8:49 pm
baldwin, and chamberlain, appeasement as a policy. to have as come horrendous meaning, after world war i. appeasement equals munich. munich equals appeasement. and sometimes that takes on a stereotype, an ideology, and a life of its own that can be blinding against the needs of a particular time period. baldwin's sense of appeasement was passive. one of thee read speeches he gave in which, in says, the bomber will always get through. that for about stiffening up your spine? the bomber will always get through. we have another war, we may
8:50 pm
is goingar, but london to be bombed, right? industrial england is going to be bombed. no matter what we do. well, if you really believe that, i would think you would, despite the depression, enlarge air force. but they didn't make that decision to radically do it until very, very late. so it was late. it was 1938. onmany was spending more military expansion than both britain and france together. what's in your head? appeasement goes basically like this. rhine militarizes the land. it's something we knew would happen, right? earlier,nounces that in 1935, that germany has an air that it's going to build an army of 500,000 men.
8:51 pm
well, the treaty of versailles 100,000, 500,000. that's a lot of people. but the french army was that large. so hitler said basically we don't need 500,000 men if the french disarm. but the french wouldn't disarm. besides, we need that army to protect ourselves against the soviets, especially now that has reached an alliance with the soviets. sense, as longme as you do not remember what the person is doing domestically to own people. my favoritef documents. not really. sickening dom. sickening -- sickening document the great war leader of the world war i for britain goes
8:52 pm
to see hitler in november of 1936, and he has a very nice him.with hitler knew how to schmooze, how older people. when chamberlain would go see hitler, chamberlain ran down the steps -- hitler ran down the steps of chamberlain and he said, oh! older than i am, i should have gone to see you. i'm so sorry. how to play it. so lloyd george says, whatever of his methods, and they are certainly not the a parliamentary country, there can be no doubt that he has received the marvelous transformation in the spirit of the people, in their other, andward each their social and economic outlook. and later he says the germans the death every
8:53 pm
invader of their own country, thethey have no longer desire themselves to invade any land. this is 1936. they have broken the military clauses of versailles. they have introduced the nuremberg racial laws in 1936. the prisons and concentration politicalfull of appointments and people are running to leave germany, who willing to bee or part of a national socialist state. rhine landene in the in 1936 and send tanks and planes and soldiers to spain. wonderfulrt of the public spirit that had been in germany? separateou possibly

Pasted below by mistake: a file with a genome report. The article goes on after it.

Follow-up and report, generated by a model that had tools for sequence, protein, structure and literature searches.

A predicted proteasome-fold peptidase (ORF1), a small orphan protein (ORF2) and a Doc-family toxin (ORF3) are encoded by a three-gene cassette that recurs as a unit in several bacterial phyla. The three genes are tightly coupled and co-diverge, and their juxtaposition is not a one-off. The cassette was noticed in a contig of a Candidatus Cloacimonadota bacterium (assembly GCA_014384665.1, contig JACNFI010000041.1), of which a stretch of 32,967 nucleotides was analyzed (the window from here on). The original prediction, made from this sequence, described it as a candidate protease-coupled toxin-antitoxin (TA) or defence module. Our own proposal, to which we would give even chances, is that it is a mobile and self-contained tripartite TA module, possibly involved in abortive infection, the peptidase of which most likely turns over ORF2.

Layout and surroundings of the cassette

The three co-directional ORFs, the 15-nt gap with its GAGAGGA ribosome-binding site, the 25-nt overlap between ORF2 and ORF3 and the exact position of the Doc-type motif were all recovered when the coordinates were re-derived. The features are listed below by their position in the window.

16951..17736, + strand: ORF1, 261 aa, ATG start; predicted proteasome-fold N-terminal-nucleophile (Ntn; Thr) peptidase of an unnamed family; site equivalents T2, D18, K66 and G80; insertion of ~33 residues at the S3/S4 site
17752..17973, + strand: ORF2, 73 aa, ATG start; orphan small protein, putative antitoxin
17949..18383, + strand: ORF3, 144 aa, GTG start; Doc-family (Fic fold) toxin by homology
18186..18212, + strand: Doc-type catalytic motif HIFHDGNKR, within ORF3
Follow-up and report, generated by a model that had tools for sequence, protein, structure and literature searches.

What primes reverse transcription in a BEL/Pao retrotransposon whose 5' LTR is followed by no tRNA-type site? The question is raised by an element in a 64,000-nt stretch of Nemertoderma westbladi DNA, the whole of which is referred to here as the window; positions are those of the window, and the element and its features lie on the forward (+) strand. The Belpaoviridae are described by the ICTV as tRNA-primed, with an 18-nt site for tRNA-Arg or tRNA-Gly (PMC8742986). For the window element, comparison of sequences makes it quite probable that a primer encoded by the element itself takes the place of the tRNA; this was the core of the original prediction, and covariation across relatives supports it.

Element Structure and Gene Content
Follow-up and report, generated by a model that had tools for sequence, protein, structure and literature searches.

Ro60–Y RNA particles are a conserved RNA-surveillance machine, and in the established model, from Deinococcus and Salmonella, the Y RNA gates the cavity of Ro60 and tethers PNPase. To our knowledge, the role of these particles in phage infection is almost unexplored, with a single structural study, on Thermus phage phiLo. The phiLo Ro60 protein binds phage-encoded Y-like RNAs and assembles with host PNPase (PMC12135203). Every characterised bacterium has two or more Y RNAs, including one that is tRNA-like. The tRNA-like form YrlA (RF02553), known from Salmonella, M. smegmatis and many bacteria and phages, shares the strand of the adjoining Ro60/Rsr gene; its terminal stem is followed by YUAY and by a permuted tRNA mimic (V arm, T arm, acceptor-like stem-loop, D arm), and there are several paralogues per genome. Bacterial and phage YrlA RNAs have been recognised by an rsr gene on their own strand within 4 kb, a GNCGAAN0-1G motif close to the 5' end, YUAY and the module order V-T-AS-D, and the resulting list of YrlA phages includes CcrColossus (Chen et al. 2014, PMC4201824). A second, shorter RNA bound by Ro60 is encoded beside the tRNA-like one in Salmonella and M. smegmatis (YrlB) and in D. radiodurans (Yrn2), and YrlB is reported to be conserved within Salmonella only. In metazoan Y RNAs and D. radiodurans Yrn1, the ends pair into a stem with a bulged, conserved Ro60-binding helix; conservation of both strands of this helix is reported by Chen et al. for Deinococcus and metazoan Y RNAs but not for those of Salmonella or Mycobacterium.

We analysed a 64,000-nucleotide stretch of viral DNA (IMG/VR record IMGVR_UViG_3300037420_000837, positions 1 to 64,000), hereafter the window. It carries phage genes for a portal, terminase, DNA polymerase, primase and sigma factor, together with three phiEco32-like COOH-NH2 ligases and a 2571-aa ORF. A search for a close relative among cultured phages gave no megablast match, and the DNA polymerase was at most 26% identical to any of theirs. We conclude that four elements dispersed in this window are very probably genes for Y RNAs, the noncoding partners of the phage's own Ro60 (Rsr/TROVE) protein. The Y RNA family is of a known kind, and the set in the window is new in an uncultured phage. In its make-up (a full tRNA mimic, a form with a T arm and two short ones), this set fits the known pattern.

8:54 pm
what is going on in germany from what germany is externally? the whole sense of the society was being militarized. ad yet david george, brilliant statesman, was taken in. baldwin retires in may of 1937. replaced by chamberlain. in passivebelieve resistance. believes in active appeasement. not enough to wait until trydictator moves and then to soften up the impact of it and prevent a war. to anticipate what he may be doing. so you send lord halifax, the
8:55 pm
head of your council, to talk to in 1937 and halifax ofurns with the same ideas lloyd george. germany does not want war. i understand hitler. bet on it. that's not what they want. want the legitimacy of getting back the things that were taken away from them after war i and we can work with these people. 1938,in roosevelt, in offers to be part of an conference.l to talk to the dictators havetly and see what they in mind, publicly, make them up. and chamberlain says i don't want to be any part. get that man out of here. we don't need american intervention. this is 1938. american help
8:56 pm
because they're gonna mess it up. i know what my policy is and i'm gonna carry it out. i believe in it. and i'm going to keep out of with people who disagree me, like winston churchill, who just want to rearm and take the risk of going to war. munichberlain goes to finally after the third meeting, as part of the third meeting in the fall of 1938, czech crisis, and he that hitlerelieving further oncego any he gets the land in western czechoslovakia where the german. of people are hitler says i have no further territory demands.
8:57 pm
the french prime minister is sick to his stomach. the french signed a treaty with the czechs. the czechs were the only democratic state left in all of central europe. chamberlain says they're a far away country and a people of which we know very little. risks ond we take their behalf? knows that what they've done is cut the throat of an ally willing to fight and tossed them into hitler's hand. think france is ready, especially since britain support active opposition to hitler at that time. comes home. gets out of the airport. comes down the steps. and holds up a piece of paper
8:58 pm